Background and Aims: The spatio-temporal variability of phenol grape composition in a vineyard can be characterised by using precision viticulture tools. Characterising anthocyanin variation in grapes requires a large number of observations, which can be done by using proximal sensors in the field. This study characterises the dynamics of spatial-temporal variability in fruit anthocyanin content at different stages from veraison to harvest using a newly available non-destructive fluorescence method.
Methods and Results: The study was conducted in a Tempranillo (Vitis vinifera L.) vineyard (Navarra, Spain) during the 2010 season. A handheld, non-destructive fluorescence-based proximal sensor was used to monitor the anthocyanins of the berries at six different times between veraison and harvest. The fluorescence-based anthocyanin indices were significantly correlated with the anthocyanin contents in berries (R2 ranged from 0.74 to 0.78). The variability of the anthocyanin content decreased during the ripening period, reaching a minimum at harvest. Although the mean anthocyanin content of fruit increased from veraison until mid-September, when a fairly stable value was reached that remained constant until harvest, spatial patterns within the vineyard changed over the whole ripening period. The spatial correlations between the anthocyanin content at each monitoring date and harvest time revealed that larger similarities in the spatial distribution of anthocyanins occurred at veraison and 10 days before harvest.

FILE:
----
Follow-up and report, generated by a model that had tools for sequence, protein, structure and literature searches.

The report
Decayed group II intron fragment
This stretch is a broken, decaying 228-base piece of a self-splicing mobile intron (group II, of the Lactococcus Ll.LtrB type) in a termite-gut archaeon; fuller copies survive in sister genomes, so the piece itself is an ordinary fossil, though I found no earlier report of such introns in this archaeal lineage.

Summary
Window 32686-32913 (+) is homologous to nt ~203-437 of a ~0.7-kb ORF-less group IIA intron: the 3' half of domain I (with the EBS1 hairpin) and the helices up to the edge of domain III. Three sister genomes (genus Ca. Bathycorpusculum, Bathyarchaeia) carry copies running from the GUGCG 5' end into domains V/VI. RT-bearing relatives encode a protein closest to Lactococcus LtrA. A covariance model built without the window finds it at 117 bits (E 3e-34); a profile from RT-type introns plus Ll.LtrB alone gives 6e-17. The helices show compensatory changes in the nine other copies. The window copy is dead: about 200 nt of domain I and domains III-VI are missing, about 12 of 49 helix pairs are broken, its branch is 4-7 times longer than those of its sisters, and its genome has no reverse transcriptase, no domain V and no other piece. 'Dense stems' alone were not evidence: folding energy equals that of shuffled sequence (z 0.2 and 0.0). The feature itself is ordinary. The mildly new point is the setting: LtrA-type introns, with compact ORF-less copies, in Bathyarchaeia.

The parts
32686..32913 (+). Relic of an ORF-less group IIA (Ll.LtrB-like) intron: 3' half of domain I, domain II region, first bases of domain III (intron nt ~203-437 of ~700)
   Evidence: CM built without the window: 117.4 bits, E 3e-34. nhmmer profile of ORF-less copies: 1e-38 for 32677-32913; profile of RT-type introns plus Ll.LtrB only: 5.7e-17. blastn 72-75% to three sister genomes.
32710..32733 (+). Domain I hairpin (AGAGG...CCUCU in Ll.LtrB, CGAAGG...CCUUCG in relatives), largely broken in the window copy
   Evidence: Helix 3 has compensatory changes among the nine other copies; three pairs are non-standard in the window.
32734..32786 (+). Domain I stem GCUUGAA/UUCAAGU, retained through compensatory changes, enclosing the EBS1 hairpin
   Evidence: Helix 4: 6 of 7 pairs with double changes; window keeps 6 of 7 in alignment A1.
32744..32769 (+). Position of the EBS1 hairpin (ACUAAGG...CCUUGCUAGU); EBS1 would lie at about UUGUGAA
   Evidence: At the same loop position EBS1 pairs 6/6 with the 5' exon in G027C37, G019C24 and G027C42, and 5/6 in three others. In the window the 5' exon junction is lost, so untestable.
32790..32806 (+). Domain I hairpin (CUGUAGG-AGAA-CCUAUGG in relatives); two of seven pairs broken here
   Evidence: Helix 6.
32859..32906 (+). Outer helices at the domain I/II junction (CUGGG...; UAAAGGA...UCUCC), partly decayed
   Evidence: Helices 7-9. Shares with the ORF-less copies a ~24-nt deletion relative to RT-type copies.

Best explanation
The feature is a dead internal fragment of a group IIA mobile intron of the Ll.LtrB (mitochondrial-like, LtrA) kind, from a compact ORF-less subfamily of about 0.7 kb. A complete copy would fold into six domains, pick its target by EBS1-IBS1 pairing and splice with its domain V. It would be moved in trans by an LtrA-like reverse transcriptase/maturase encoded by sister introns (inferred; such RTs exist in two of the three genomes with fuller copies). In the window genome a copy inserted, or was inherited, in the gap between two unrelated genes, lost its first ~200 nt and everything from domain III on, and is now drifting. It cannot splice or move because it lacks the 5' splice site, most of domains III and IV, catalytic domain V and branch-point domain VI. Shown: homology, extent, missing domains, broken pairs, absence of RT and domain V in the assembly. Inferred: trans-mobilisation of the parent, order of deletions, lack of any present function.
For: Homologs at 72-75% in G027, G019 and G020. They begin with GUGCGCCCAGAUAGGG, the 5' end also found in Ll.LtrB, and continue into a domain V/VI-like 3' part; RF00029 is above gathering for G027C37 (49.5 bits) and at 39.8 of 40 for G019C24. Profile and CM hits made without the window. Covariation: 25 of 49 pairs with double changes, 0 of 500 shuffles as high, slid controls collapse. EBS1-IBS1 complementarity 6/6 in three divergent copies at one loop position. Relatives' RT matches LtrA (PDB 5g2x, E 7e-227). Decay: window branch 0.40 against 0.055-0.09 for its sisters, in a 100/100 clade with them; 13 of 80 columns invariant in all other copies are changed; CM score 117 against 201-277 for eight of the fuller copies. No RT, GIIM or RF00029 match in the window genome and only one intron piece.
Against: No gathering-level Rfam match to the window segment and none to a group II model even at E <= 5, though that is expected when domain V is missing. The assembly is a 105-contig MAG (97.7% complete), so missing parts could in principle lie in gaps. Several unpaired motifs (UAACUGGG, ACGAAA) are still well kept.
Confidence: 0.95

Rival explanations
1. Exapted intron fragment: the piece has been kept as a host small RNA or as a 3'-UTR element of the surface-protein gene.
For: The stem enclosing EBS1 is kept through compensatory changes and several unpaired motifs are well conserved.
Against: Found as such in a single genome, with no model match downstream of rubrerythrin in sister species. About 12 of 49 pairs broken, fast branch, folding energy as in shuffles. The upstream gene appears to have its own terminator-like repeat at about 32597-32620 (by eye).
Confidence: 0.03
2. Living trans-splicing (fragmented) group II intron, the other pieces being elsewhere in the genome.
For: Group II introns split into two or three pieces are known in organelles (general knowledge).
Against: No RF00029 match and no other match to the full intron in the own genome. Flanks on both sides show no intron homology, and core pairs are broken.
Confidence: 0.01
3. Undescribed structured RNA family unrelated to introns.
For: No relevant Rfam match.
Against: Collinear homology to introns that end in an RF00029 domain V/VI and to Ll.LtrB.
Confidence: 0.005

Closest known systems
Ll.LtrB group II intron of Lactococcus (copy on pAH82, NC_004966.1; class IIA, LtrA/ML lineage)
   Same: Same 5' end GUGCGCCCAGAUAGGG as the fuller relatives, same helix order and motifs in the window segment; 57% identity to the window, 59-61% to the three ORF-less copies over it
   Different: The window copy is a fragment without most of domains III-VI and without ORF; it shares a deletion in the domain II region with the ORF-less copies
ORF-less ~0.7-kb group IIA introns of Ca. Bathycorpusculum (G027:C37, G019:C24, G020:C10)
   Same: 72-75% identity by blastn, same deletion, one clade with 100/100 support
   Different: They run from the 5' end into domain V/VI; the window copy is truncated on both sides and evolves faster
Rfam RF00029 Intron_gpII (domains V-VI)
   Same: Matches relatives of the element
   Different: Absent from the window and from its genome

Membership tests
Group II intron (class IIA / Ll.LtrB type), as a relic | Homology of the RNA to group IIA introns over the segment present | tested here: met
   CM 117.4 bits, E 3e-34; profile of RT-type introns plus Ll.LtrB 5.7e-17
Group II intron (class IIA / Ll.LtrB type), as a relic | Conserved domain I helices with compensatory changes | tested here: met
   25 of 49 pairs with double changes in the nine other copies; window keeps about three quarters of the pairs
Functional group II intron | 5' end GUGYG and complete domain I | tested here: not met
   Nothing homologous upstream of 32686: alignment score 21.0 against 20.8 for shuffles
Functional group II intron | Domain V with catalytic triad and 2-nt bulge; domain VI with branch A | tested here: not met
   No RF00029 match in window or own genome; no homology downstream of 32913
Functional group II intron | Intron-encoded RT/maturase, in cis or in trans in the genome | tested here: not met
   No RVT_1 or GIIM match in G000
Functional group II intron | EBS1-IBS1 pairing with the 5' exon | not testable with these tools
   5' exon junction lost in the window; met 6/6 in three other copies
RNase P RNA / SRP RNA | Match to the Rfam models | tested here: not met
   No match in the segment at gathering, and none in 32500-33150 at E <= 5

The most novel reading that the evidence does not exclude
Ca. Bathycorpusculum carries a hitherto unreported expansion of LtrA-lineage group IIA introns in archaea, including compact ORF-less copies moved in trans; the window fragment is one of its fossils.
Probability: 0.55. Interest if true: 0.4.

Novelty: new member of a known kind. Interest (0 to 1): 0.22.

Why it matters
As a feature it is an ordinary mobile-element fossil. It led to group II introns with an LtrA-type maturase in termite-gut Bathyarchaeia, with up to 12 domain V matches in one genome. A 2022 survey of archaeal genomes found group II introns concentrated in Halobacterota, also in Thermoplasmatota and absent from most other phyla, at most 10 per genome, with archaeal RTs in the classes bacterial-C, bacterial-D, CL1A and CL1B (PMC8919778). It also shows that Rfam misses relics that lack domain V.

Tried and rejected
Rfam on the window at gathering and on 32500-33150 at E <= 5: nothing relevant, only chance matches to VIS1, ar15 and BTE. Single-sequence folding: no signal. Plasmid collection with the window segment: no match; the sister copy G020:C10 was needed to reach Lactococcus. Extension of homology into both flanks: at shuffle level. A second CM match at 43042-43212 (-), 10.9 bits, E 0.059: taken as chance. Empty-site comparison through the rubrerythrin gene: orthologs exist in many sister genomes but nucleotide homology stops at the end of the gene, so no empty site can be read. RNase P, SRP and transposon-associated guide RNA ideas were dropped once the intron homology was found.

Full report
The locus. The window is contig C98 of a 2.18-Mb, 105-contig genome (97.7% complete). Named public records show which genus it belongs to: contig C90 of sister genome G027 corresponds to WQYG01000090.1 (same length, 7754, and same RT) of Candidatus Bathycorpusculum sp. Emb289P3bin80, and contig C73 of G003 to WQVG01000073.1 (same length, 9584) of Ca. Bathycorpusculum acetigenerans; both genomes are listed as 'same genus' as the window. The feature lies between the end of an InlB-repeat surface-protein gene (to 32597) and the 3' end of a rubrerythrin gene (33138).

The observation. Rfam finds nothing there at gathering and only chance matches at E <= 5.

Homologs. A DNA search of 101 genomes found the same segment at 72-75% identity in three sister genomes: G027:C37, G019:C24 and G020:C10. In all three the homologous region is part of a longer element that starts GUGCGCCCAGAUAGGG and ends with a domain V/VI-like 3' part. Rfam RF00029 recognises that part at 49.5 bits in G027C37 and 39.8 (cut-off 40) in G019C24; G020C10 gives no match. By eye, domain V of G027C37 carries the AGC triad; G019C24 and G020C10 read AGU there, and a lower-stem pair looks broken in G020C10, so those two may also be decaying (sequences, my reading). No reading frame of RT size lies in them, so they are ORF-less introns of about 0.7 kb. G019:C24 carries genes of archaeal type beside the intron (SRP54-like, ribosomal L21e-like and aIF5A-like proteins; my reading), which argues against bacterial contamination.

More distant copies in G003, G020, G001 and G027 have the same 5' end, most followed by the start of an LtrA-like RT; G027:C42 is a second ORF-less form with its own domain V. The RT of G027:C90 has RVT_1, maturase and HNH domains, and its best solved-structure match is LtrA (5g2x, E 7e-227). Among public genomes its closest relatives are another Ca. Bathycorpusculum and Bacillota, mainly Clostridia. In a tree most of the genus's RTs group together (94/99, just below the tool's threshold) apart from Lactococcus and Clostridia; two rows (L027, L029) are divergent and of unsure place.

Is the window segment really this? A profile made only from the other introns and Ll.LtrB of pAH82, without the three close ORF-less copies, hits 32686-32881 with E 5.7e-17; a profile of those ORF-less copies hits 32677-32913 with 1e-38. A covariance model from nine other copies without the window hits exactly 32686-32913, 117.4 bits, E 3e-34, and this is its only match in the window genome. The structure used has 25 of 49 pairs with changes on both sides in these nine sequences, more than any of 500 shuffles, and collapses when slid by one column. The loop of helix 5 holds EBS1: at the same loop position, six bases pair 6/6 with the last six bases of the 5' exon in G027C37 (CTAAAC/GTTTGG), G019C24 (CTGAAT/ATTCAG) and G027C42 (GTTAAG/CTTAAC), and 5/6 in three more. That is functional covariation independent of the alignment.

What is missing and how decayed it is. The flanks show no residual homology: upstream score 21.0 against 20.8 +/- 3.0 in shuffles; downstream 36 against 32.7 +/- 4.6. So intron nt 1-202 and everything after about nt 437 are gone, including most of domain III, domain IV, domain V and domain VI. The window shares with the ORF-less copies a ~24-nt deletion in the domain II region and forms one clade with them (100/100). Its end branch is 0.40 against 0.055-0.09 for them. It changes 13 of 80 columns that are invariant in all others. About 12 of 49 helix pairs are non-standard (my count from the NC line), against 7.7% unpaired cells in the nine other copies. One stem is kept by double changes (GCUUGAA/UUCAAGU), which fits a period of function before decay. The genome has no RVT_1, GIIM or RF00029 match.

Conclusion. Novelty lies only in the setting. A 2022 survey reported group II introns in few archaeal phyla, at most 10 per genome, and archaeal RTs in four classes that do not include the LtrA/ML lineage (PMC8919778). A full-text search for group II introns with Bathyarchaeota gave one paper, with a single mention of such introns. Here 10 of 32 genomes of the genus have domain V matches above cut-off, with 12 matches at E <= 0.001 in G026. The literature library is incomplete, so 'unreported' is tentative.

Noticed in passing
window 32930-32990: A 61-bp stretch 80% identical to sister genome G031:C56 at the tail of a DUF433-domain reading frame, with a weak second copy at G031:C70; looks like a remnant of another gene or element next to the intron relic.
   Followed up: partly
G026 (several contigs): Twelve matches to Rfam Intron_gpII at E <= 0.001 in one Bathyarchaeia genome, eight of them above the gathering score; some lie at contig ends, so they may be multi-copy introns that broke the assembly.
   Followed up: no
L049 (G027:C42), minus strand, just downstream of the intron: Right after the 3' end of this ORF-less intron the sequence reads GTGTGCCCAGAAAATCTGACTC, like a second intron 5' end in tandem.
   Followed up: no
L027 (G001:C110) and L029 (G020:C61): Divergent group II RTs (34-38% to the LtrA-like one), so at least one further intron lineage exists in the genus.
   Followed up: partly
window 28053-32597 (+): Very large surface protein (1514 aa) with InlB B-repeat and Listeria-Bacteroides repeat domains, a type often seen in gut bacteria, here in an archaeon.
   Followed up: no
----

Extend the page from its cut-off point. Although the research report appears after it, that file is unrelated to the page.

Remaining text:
Conclusions: Grape anthocyanins accumulated from veraison until around 1 month before harvest, whereas their spatial pattern within the vineyard changed throughout the whole ripening period.
Significance of the Study: Knowledge of the spatial-temporal variation of the anthocyanin content within a vineyard may assist decision making regarding sampling and vineyard management, especially if vineyard segmentation is employed.